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Tropentag, September 18 - 20, 2019 in Kassel

"Filling gaps and removing traps for sustainable resources development"


Spatial and Socio-Economic Factors Shaping the Genetic Diversity of Indigenous Cattle Breeds in Benin

Sčyi Fridaďus U. S. Vanvanhossou1, Carsten Scheper1, Luc Hippolyte Dossa2, Kerstin Brügemann1, Sven König1

1Justus-Liebig-University Gießen, Inst. of Animal Breeding and Genetics, Germany
2University of Abomey-Calavi, Fac. of Agricultural Sciences, School of Science and Technics of Animal Production, Benin


Abstract


Do ecological factors shape the genetic structure of the Beninese cattle population? Are the indigenous taurine (Somba and Lagune) and hybrid (Borgou, Pabli-Kerou) breeds in Benin endangered by ongoing indicine introgression? What is the role of transhumance movements in this context? These are critical questions for the development of effective management policies for the conservation of indigenous cattle genetic resources in Benin, a country regularly influenced by transboundary transhumance movements of zebu herds.
We developed a balanced sampling design based on the distribution of the agro-ecological zones and the socio-economic factor transhumance to study the genetic diversity of the four indigenous Beninese cattle breeds. 461 animals (Borgou 181, Pabli-Kerou 61, Lagune 157, Somba 62) were phenotyped for conformation traits based on FAO guidelines and genotyped with a 50k SNP chip. SNP genotypes were used for basic measures of genetic diversity, unsupervised k-means clustering in the framework of a discriminant analysis of principal components (DAPC) and estimation of ancestry coefficients using DAPC, TESS and ADMIXTURE. The diversity analysis is complemented with linear regression-based genome-wide association studies (GWAS) for conformation traits and selection signature analysis (SSA).
Unsupervised clustering using DAPC identified 6 genetic clusters in the dataset. The two hybrid breeds Borgou and Pabli-Kerou built two nearby mixed clusters reflecting a close relationship and admixture between the two breeds. The taurine Somba breed built a highly homogeneous distant cluster, whereas the Lagune breed is more diverse with 2 separated heterogeneous clusters reflecting local transhumance effects. A separate sixth cluster reflected potential crossbreeding with non-indigenous breeds of unknown origin. The clustering results were supported by the basic measures of diversity and the admixture analysis. The main drivers of genetic diversity are spatial and socio-economic factors such as transhumance. The multi-breed GWAS revealed 9 and 23 highly conserved SNPs associated with Heart Girth and Hip Width. Similarly, we identified several significant loci across breeds, and breed specific loci for the 10 other phenotypic traits investigated. GWAS and SSA shed light on functional gene-networks shaping the genomic architecture of body conformation traits in light of environmental adaptation and artificial selection.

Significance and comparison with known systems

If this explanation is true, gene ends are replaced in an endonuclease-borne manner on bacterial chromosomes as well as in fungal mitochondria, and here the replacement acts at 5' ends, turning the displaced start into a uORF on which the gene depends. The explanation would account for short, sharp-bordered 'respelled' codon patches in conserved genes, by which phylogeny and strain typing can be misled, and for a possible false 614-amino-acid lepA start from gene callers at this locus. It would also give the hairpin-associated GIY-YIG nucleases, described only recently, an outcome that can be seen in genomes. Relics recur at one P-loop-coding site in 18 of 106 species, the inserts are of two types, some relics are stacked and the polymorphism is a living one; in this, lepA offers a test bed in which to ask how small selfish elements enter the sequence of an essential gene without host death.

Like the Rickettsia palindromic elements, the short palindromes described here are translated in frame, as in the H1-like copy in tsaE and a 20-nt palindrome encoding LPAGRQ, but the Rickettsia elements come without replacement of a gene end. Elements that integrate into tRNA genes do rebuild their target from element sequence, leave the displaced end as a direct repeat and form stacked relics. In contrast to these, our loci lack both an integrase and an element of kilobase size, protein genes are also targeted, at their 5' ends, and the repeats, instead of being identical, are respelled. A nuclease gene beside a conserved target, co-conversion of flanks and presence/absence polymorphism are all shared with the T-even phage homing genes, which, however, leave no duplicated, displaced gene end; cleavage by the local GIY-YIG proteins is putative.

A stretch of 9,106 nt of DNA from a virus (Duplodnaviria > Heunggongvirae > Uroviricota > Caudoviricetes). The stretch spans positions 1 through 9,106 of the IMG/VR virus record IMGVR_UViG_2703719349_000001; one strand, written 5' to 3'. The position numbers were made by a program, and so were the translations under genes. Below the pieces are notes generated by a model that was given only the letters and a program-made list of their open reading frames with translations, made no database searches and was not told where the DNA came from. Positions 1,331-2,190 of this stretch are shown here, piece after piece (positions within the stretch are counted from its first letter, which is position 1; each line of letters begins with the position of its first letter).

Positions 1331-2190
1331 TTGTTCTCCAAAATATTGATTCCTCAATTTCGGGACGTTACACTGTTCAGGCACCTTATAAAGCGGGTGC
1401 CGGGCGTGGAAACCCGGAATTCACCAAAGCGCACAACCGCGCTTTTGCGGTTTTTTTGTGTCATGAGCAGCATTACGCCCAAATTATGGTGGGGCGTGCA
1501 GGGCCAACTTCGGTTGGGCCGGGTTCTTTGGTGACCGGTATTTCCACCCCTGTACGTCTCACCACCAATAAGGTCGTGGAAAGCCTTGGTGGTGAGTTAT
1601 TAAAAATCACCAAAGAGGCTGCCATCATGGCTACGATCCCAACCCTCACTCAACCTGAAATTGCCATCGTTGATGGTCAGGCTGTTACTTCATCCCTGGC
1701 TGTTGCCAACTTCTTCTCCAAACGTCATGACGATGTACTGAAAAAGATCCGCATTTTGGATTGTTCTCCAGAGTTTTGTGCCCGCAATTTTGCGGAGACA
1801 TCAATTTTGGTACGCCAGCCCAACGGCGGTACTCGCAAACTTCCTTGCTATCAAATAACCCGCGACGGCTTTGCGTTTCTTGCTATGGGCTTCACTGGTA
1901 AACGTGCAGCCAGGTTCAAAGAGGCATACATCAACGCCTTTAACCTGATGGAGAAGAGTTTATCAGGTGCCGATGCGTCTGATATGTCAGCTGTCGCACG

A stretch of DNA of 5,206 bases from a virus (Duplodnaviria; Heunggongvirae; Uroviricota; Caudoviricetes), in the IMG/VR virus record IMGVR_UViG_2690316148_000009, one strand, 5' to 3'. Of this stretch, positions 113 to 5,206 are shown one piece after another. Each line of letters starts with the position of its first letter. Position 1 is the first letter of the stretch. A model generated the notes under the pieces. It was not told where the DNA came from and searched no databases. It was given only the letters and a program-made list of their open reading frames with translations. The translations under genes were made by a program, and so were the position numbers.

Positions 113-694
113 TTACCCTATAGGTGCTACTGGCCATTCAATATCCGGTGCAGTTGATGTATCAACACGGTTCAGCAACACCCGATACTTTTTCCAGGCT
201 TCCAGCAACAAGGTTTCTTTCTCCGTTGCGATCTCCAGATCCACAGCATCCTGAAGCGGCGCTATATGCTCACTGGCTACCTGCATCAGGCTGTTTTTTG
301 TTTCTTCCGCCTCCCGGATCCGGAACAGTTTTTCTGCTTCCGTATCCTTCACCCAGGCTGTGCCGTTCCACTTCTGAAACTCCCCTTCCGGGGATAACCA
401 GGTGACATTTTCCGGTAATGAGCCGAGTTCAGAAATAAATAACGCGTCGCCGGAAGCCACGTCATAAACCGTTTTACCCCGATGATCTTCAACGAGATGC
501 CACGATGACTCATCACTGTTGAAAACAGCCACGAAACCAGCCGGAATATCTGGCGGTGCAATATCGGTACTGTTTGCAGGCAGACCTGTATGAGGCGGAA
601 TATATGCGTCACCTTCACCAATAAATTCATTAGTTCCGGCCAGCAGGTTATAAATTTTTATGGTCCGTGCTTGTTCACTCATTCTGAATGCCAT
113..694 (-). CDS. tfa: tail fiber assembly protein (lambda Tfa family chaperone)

Keywords: Agro-ecological zone, animal genetic resources, conservation, taurine, transhumance, zebu introgression


Contact Address: Sèyi Fridaïus U. S. Vanvanhossou, Justus-Liebig-University Gießen, Inst. of Animal Breeding and Genetics, Ludwigstraße 21b, 35390  Gießen, Germany, e-mail: seyi.f.vanvanhossou-2@agrar.uni-giessen.de


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